Twins: What Are Your Chances of Having Them … or More?

Almost a year-and-a-half later, I still marvel at our new family dynamics.

 

Our fraternal twin boys were born in May of 2008—without the wonders of modern fertility medicine or a history of multiples in our family. In fact, the idea of conceiving twins was so far from my mental realm of possibility that it never even entered my mind.

It was during my first ultrasound appointment at eight weeks when I learned of my “dynamic duo.” I sat quietly in anticipation of seeing our baby—singular—for the first time as the technician spent countless minutes studying the monitor which was adjusted to face only her.

Without warning, she finally twirled it around and commented, “This is probably why you’ve been feeling so sick!” To my amazement, the screen clearly showed two, separate small circles, each with a large, ant-like looking creature inside. “Morning sickness tends to me more pronounced when you’re carrying twins,” she stated with a smile.

I started laughing hysterically and crying all at once. The incredible news was just too much to handle emotionally (especially for a pregnant lady)! And seriously, what are the odds this would happen to me? 1/89 to be exact.

If you’re not yet a parent or plan to expand your family, you may be wondering if you too might be a candidate for mothering twins, triplets or even more. It turns out, your chances are greater than ever: Twin births have risen nearly 60% since the early 1980s mainly due to advancements in fertility drugs and assisted reproductive technology.

The most recent general stats, part of a 2004 study by the National Center for Health Statistics, show twins represent about 1/32 births. The likelihood of having identical twins? About 1/250. Triplets, quadruplets, or more? 1/535.

These odds increase with influence from a variety of factors. While there isn’t consensus on the exact impact from fertility treatments, some estimate accounts for as many as 1/38 twin births.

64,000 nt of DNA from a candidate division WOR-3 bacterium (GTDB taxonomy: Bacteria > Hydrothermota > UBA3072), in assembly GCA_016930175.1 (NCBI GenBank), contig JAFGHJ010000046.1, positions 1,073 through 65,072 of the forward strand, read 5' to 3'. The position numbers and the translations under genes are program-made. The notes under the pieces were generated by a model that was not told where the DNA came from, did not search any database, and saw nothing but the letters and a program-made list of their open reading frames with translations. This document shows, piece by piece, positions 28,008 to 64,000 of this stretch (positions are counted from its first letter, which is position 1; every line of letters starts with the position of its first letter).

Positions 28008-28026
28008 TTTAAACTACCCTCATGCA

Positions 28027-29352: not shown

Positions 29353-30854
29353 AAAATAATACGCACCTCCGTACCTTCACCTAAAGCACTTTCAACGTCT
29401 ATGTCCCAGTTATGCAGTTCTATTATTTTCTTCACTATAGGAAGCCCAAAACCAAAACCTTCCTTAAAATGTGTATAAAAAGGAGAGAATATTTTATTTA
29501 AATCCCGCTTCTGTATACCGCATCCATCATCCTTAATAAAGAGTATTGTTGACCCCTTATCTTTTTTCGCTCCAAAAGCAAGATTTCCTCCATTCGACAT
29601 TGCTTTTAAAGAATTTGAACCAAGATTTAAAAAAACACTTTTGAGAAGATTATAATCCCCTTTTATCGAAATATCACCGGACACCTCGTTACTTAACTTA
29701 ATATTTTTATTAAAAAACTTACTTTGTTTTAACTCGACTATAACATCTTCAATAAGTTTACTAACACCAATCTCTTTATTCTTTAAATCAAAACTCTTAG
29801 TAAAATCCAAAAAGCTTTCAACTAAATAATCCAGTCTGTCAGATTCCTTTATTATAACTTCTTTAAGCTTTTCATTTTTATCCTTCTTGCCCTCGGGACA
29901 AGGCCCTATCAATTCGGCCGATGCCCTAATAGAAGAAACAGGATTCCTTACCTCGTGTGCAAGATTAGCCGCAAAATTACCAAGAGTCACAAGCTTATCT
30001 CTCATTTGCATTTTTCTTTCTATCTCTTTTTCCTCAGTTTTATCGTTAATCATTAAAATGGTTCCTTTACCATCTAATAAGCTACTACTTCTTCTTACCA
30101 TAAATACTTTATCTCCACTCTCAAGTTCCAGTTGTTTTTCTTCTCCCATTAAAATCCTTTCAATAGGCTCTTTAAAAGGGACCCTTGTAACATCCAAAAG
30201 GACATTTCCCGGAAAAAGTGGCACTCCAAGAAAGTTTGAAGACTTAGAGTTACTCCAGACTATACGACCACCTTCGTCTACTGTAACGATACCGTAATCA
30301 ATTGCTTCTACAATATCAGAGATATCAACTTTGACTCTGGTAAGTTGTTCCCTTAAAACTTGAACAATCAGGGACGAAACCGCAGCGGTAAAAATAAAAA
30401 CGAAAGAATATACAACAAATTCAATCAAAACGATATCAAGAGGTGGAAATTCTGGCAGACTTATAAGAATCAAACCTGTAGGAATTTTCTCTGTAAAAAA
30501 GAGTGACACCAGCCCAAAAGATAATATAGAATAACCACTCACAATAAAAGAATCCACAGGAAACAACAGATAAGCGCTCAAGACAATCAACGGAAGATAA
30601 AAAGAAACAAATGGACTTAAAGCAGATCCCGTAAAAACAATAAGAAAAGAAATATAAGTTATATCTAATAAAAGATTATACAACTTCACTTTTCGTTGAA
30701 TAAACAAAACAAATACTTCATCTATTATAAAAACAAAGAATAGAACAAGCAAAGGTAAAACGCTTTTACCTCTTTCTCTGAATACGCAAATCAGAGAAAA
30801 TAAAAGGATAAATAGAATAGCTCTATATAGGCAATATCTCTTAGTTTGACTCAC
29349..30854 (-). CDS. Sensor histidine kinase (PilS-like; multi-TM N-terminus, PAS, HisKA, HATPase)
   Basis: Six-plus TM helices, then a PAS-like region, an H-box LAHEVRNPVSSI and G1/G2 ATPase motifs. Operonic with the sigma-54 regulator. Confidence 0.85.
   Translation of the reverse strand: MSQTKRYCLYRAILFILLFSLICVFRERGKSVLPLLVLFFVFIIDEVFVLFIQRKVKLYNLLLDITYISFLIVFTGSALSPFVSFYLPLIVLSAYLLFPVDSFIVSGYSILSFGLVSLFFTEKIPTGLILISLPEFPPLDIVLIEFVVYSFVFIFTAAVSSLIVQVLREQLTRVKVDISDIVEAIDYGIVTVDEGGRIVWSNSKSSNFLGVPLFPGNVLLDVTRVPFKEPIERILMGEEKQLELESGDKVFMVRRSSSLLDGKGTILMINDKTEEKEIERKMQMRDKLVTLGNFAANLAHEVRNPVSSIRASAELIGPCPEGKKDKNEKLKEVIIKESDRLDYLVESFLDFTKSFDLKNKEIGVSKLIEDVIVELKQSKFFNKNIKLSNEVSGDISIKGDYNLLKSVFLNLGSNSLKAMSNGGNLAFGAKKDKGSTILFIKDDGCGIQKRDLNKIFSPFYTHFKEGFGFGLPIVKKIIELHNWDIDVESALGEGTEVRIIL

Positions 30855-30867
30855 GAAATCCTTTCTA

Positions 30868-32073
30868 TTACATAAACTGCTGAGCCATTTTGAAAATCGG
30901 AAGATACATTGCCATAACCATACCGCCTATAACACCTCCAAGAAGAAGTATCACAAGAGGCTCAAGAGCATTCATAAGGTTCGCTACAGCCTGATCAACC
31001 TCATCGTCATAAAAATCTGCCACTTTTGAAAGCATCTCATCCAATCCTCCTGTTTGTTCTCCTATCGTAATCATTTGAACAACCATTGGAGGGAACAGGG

Others estimate using the drug Clomid increases your chances of conceiving twins to as high as 1/5. Age is another factor. If you’re over age 45, your likelihood jumps to 17%.

Becoming a mother after 50 boosts your odds to nearly 1/9. Then there’s family history. If you, your mother, or your mother’s mother is a fraternal twin, chances may be as high as 1/17—the result of carrying a gene for hyperovulation that causes the release of more than one egg during an ovulation cycle.

And (I’m bracing myself for this one) if you’ve already had one set of fraternal twins, your chances of conceiving another set are 4 times greater than the average woman, or about 1/12!

Let’s just say my husband and I don’t plan to try for another set of twins anytime soon. Are you ready to try your odds?

Website recommendations:

www.momsofmultiples.org—local organization for Chicago and North Shore moms of twins

Reading recommendations:

Twinspiration: Real-Life Advice From Pregnancy Through the First Year (for Parents of Twins and Multiples) ” by Cheryl Lage
The Girlfriends’ Guide to Pregnancy ” by Vicki Iovine
The Mother of All Pregnancy Books: The Ultimate Guide to Conception, Birth, and Everything In Between (U.S. Edition) ” by Ann Douglas
What to Expect When You’re Expecting, 3rd Edition ” by Heidi Murkoff, Arlene Eisenberg and Sandee Hathaway, B.S.N.